Mylan’s Canadian business launches ChoosingGenerics.ca for consumers
PITTSBURGH — Mylan’s Canadian subsidiary has launched a new website that is designed to help Canadians learn more about the value, reliability and quality of generic pharmaceuticals.
Mylan Pharmaceuticals ULC said ChoosingGenerics.ca is divided into three sections to help visitors learn the facts about generic drugs, understand the cost savings associated with choosing a generic instead of a brand equivalent and get helpful tools to talk to physicians and pharmacists about prescription medications. The site also includes a personal medication tracker and instructions on how to read a prescription drug label. Available in English and French, the resource provides a comprehensive list of frequently asked questions and "myths and facts" to help consumers gain a better understanding of the advantages of generic pharmaceuticals.
"One of the biggest misconceptions when it comes to pharmaceutical products is that if it costs more, then it must be of better quality," said Richard Guest, president of Mylan’s business in Canada. "This idea couldn’t be more wrong. Generic drugs are every bit as safe, potent and effective as brand name drugs. Generic drug companies have been providing patients in Canada with safe and affordable medicines for more than 50 years."
Study: Ethnic HBC market remains robust despite economic hard times
ROCKVILLE, Md. — The market for health and beauty care products targeted to minorities continues to advance at a healthy pace, and marketers should be ramping up in new products and marketing campaigns sooner rather than later, according to a new report released from Packaged Facts.
According to the "Ethnic Hair, Skin and Cosmetic Products in the U.S." report, the market posted growth of nearly 13% during 2010, and the market continued to advance at a healthy pace in 2011 to approach $3 billion.
With the rapid expansion of racial and ethnic minorities in the United States over the next 10 years, ethnic health and beauty care product marketers have a fast-growing target market. Hispanic, African-American and Asian population growth is far outpacing that of whites, with minorities expected collectively to be the majority of the U.S. population as soon as 2042.
Compared with many consumer packaged goods categories, ethnic hair and beauty care products did remarkably well during the recession, continuing to chart steady growth, even though U.S. minorities were especially hard hit by the economic downturn, stated Packaged Facts, a division of MarketResearch.com. The loyalty of African-American and other minority communities to their HBC products kept the market on track to resume impressive growth as soon as economic conditions began to improve.
As more ethnic health and beauty care products are introduced, they are meeting the needs of people of color that had previously been either ignored or mistargeted. As of 2012, market drivers include a desire for more natural products; greater participation in HBC categories on the part of men overall, but especially men of color; and a surge of innovative, better-quality products, Packaged Facts noted.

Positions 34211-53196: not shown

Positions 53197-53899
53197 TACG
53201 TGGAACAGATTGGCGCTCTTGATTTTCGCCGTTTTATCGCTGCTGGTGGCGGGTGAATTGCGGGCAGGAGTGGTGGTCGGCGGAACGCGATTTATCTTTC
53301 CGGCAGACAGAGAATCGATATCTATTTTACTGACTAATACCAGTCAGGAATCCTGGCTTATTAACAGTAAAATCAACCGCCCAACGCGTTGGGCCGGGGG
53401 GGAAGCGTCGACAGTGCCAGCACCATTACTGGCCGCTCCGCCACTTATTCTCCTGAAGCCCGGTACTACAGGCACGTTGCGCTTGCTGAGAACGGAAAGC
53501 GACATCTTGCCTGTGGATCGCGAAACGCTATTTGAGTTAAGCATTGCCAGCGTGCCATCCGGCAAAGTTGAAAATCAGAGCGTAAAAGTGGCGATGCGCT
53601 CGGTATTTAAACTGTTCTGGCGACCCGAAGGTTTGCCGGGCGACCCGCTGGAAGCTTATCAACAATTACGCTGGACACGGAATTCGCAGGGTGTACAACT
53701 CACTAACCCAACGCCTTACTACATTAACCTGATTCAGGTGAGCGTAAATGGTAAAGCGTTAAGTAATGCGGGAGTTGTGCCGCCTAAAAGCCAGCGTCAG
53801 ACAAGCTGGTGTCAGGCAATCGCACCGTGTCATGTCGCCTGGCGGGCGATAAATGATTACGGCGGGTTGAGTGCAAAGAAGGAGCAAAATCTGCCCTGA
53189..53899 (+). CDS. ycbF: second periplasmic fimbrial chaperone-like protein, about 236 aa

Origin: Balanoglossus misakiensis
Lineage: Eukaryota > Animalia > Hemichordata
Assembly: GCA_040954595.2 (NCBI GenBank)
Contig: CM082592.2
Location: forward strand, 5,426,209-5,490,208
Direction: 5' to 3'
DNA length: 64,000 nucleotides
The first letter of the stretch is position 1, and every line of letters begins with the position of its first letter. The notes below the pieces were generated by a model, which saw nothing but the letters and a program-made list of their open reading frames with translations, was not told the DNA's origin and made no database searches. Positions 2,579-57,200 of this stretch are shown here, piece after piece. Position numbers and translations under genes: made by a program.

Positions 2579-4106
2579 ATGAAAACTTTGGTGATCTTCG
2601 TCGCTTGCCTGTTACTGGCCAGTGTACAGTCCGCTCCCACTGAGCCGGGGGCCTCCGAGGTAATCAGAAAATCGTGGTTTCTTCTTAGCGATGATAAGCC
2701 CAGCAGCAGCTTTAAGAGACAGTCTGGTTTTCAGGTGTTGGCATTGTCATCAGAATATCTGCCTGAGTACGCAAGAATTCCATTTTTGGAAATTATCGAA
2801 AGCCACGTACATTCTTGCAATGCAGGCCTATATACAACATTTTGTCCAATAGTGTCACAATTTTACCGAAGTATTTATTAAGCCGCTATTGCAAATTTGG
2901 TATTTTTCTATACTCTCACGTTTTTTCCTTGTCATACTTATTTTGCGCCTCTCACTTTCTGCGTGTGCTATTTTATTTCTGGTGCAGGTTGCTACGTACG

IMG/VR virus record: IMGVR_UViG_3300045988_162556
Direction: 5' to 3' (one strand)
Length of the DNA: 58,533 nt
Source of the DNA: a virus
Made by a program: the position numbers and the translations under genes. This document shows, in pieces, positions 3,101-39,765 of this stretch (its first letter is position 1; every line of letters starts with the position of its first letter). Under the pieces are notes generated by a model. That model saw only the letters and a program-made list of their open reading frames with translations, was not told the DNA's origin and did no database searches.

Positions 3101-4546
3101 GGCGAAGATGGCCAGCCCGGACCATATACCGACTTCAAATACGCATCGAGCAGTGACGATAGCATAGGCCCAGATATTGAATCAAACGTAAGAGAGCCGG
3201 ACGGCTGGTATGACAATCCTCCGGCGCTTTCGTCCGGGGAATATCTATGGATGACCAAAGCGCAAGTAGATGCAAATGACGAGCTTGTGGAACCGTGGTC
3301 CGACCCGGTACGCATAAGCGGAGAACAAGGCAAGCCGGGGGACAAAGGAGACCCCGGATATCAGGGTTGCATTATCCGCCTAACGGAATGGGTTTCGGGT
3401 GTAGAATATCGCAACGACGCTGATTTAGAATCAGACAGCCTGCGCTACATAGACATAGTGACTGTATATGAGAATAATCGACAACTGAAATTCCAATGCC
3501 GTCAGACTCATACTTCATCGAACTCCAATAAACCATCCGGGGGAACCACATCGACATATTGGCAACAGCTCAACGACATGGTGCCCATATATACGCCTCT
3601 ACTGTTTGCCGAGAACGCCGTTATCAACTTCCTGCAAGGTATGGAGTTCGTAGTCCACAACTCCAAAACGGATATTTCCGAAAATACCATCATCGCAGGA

At the same time, minority consumers still spend vastly more on general market HBC products than they do on targeted ones, a dynamic that, according to the report, highlights the continued opportunity for specialized HBC marketers to expand their reach, and for general HBC marketers to sharpen their focus.
Takeda: Edarbyclor demonstrates statistically superior blood-pressure reductions
DEERFIELD, Ill. — A Takeda drug designed to treat hypertension was statistically superior to a competing drug in reducing systolic blood pressure among patients in a late-stage clinical trial.
Takeda said a fixed dose combination of its drug Edarbyclor (azilsartan medoxomil and chlorthalidone) in the 40/25-mg strength, when compared with fixed-dose combination of olmesartan medoxomil-hydrochlorothiazide in the 40/25-mg strength, more effectively lowered blood pressure at each hour of the 24-hour period between doses (reduction of 42.5 mm Hg from baseline versus 37.1 mm Hg from baseline). The results, demonstrated in a 12-week, head-to-head, phase-3 study, were published online in Hypertension, a journal of the American Heart Association.
"Hypertension and its impact on cardiovascular health have long been studied; the goal of this particular study was to determine whether a fixed-dose combination of a well-established yet underutilized diuretic paired with a new angiotensin II receptor blocker would provide an effective option to help control hypertension," said study co-author Michael Weber, professor of medicine at the State University of New York Downstate College of Medicine. "The data showed that Edarbyclor exhibited superior blood-pressure reductions, compared to a commonly-used combination treatment."